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Multivariate pattern analysis of brain structure predicts functional outcome after auditory-based cognitive training interventions.

Abstract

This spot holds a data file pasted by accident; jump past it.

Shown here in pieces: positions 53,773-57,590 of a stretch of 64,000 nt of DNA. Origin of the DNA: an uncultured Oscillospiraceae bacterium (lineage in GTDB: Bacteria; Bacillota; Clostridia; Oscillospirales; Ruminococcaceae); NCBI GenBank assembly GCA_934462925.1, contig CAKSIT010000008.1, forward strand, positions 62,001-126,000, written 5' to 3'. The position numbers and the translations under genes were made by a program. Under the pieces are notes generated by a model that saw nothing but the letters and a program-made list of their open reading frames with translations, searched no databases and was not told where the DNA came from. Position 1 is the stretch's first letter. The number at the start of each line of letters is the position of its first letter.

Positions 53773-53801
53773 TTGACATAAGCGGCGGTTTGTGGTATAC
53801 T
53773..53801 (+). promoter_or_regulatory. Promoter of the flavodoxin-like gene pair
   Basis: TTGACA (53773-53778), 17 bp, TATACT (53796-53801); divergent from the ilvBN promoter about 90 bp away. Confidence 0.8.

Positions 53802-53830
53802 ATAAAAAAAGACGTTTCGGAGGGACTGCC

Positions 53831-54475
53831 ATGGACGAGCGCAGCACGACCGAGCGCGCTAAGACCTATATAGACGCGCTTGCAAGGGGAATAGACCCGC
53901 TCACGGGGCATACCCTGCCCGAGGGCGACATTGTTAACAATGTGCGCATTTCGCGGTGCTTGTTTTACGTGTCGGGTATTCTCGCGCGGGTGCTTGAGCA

Cognitive gains following cognitive training interventions are associated with improved functioning in people with schizophrenia (SCZ). However, considerable inter-individual variability is observed. Here, we evaluate the sensitivity of brain structural features to predict functional response to auditory-based cognitive training (ABCT) at a single-subject level. We employed whole-brain multivariate pattern analysis with support vector machine (SVM) modeling to identify gray matter (GM) patterns that predicted higher vs. lower functioning after 40 h of ABCT at the single-subject level in SCZ patients. The generalization capacity of the SVM model was evaluated by applying the original model through an out-of-sample cross-validation analysis to unseen SCZ patients from an independent validation sample who underwent 50 h of ABCT. The whole-brain GM volume-based pattern classification predicted higher vs. lower functioning at follow-up with a balanced accuracy (BAC) of 69.4% (sensitivity 72.2%, specificity 66.7%) as determined by nested cross-validation. The neuroanatomical model was generalizable to an independent cohort with a BAC of 62.1% (sensitivity 90.9%, specificity 33.3%). In particular, greater baseline GM volumes in regions within superior temporal gyrus, thalamus, anterior cingulate, and cerebellum predicted improved functioning at the single-subject level following ABCT in SCZ participants. The present findings provide a structural MRI fingerprint associated with preserved GM volumes at a single baseline timepoint, which predicted improved functioning following an ABCT intervention, and serve as a model for how to facilitate precision clinical therapies for SCZ based on imaging data, operating at the single-subject level.

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